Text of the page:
Federal appeals court temporarily blocks enforcement of Alabama immigration law provision requiring schools to verify new students’ status
According to an Associated Press (AP) report in the Washington Post, the U.S. Court of Appeals for the Eleventh Circuit has granted the U.S. Department of Justice’s (DOJ) motion for a preliminary injunction barring Alabama from enforcing a provision in its immigration law that requires school officials to verify the citizenship status of students enrolled after Sept. 1, 2011. The injunction also bars enforcement of a section of the law that allows police to file a misdemeanor charge against anyone who is in the country illegally and doesn’t have federal registration papers.
Advocacy groups who challenged the law said they were hopeful the judges will eventually block the rest of it. “I think that certainly it’s a better situation [...] for the people of Alabama today than it was yesterday,” said Omar Jadwat, an attorney for the ACLU. “Obviously we remain concerned about the remainder of the provisions, and we remain confident that we will eventually get the whole scheme blocked.”
It’s not clear exactly how many Hispanics have fled the state, but earlier this week many skipped work to protest the law, shuttering or scaling back operations at chicken plants and other businesses. Alabama’s law is in the spotlight because it’s the only state where some of the strictest provisions were allowed to play out.
Arizona led the nation in April 2010 when it passed a tough crackdown, but a judge blocked parts of it before it could take effect. Gov. Jan Brewer has appealed to the U.S. Supreme Court, but the justices have yet to decide whether to take up the case. A similar measure adopted in Utah earlier this year was put on hold by a federal judge in May after civil rights groups challenged it. Ditto for parts of new immigration laws passed by Georgia and Indiana. South Carolina became a flashpoint this week when civil rights groups sued the state to block a law that takes effect in January, requiring police to check suspects’ immigration status and mandating that all businesses check their hires through a federal online system.
DOJ called the Alabama law a “sweeping new state regime” and urged the appeals court to forbid states from creating a patchwork of immigration policies. Thomas Perez, head of DOJ’s civil rights division, said he was particularly concerned about the school requirement. “We’re hearing a number of reports about increases in bullying that we’re studying,” said Perez. He said the government is trying to determine how many absences and withdrawals are linked to the law.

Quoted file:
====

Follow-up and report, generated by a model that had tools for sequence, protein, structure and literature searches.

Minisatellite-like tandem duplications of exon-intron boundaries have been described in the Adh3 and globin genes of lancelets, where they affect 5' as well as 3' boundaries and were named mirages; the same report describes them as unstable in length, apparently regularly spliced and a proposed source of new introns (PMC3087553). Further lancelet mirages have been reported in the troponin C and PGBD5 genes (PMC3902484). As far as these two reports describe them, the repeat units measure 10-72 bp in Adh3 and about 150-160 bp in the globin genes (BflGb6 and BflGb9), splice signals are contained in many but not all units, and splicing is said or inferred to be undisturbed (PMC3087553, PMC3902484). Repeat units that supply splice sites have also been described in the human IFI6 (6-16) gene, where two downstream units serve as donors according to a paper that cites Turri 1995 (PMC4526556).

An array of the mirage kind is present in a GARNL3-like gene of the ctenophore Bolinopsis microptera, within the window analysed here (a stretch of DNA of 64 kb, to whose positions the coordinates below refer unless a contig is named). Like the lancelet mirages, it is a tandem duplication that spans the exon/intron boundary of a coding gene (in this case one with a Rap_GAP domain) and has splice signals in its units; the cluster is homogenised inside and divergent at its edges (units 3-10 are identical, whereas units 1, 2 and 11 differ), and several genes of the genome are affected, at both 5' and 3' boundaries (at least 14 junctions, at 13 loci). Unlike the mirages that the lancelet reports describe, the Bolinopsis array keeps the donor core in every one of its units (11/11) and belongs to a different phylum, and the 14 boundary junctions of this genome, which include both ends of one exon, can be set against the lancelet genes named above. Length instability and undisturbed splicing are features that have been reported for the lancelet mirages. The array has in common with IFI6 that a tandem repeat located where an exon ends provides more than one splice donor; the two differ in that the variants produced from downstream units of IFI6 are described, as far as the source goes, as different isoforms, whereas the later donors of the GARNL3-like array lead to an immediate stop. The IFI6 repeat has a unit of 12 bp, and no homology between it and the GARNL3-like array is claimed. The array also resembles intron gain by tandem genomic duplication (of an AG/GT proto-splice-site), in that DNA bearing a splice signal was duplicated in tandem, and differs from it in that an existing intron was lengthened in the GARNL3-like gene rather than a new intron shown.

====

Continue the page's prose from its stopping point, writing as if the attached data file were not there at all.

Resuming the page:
Source: Washington Post, 10/15/11, By AP
[Editor's Note: In October 2011, Legal Clips summarized an AP story carried by ABC News reporting that the DOJ had filed an appeal with the U.S. Court of Appeals for the Eleventh Circuit in this case. The appeal sought to overturn the portion of the lower federal court’s ruling allowing enforcement of some provisions of the Alabama immigration law. DOJ’s appeal contended that the law, considered by many to be the most stringent immigration measure in the country, could cause considerable fallout as immigrants flee to other states or their native countries.
The Eleventh Circuit's opinion granting the preliminary injunction is available here. One judge would have enjoined enforcement of two additional sections of the law.
According to the decision, Section 28 of the immigration law requires every public school in Alabama to determine at the time of enrollment whether a student "'was born outside the jurisdiction of the United States or is the child'of an unlawfully present alien and qualifies for assignment to an English as second language class or other remedial program." The school must rely on an original birth certificate or a certified copy.
The Eleventh Circuit panel's decision reported above combines two ongoing cases - one filed by DOJ and the other by private plaintiffs - challenging the constitutionality of the entire law. On September 28, 2011, the district court issued an order in each case preliminarily enjoining only some of the law's provisions. Because the remaining provisions went into effect on September 29, both DOJ and the private plaintiffs filed motions for injunction pending appeal with the Eleventh Circuit. The panel decision discussed above addresses these motions. The Eleventh Circuit is expediting the appeal as to the merits of the cases, i.e., the district court's orders denying preliminary injunctions of enforcement of the law. Stay tuned.]